Bearing all this in mind, what is the likely result of Brexit for the property market?

The reality is, no-one really knows. It is such an unpredictable event, the only thing we do know is that a vote to leave would cause an immediate uncertainty and that’s a state which would probably continue for some time. Companies and people will gradually make their own decision on how to react, so we simply won’t know the impact until that has happened.

However, here are some views of the long-term impact of Brexit:

On the economy…

“Once the arrangements had settled down, [a] new lower exchange rate would make the UK look rather more attractive, most of the lost GDP would be recovered and quite likely the economy would settle on a slightly faster growth path.” Centre for Economics and Business Research (CEBR)

“It is plausible that Brexit could have a modest negative impact on growth and job creation. But it is slightly more plausible that the net impacts will be modestly positive.” Capital Economics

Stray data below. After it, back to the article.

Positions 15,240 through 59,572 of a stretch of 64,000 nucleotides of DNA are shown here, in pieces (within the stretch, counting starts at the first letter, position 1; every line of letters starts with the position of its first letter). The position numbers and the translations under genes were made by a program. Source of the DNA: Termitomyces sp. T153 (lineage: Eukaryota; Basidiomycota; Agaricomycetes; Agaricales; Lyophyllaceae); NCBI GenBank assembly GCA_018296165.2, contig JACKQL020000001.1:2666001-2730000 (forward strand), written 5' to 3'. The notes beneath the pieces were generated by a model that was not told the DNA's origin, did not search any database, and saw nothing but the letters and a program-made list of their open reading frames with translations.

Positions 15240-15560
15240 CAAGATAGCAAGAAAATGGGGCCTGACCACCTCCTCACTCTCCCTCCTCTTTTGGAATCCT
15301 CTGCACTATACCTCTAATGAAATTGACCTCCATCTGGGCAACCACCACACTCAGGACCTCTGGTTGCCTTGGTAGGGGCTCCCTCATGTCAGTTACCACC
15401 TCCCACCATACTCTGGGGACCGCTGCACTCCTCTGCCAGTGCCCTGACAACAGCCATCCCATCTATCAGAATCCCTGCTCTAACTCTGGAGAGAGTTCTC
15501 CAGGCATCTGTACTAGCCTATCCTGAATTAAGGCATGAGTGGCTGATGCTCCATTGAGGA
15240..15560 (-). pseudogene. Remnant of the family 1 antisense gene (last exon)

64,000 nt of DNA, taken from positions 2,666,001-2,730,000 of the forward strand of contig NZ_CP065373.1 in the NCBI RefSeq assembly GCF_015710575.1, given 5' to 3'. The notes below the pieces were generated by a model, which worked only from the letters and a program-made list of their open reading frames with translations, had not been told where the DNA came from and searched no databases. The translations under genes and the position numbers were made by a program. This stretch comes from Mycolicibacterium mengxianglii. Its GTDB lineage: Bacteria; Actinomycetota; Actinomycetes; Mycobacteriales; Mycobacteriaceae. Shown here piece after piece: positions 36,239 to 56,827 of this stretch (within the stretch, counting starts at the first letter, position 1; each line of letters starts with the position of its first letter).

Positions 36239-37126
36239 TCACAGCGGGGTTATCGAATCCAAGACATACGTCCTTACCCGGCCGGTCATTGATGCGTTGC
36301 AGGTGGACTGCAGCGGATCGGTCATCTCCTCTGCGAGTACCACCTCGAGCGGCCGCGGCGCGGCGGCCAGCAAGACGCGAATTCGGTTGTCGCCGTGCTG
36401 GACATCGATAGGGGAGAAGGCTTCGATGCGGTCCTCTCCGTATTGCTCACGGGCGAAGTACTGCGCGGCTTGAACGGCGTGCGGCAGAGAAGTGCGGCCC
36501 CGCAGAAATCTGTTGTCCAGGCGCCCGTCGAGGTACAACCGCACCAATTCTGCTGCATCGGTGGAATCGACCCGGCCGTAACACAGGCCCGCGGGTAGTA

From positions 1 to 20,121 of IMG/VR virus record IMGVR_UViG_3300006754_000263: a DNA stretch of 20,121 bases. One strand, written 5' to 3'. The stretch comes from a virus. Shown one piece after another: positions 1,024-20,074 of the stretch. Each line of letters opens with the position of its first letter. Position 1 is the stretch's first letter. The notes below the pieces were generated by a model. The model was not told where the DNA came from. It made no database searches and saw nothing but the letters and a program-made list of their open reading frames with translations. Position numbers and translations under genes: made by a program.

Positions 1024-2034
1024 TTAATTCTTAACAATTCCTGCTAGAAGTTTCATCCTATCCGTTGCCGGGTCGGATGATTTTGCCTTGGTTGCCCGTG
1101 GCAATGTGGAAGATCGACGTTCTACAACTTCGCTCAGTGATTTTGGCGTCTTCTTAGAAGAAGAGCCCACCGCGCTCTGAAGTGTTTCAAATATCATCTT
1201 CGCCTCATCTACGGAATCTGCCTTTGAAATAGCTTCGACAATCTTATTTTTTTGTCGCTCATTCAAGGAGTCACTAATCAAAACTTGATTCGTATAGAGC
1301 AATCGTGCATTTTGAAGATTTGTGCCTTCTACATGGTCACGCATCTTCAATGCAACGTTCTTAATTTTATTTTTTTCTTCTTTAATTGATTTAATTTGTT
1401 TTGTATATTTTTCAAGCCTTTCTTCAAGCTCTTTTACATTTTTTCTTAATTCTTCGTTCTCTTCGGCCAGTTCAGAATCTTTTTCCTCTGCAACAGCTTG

A recent report from National Association of Estate Agents (NAEA) and Association of Residential Letting Agents (ARLA), together with the CEBR, suggests that demand will reduce in the long term but a potential skills shortage could also reduce our ability to build new homes, lowering both demand and supply.

The rental market in some areas could see a downward pressure on rents due to lower migration. David Cox, Managing Director of ARLA, said: “The fact that rent costs would face downward pressure is both a blessing and a curse. While renters should face fair and reasonable prices, landlords need to be able to at least break even on any outgoings they have, such as a mortgage. If demand eases to such an extent that landlords cannot recuperate costs, we’ll likely see a mass exit from the market, which would then just have the opposite effect on demand as supply falls – and we’d be back to square one.”

Overall, some experts are concluding a Brexit would cause prices to fall, while others are saying it would have little or no impact.

In reality, we won’t know for a while; all I know is that, as ever, people and the property market will find their way.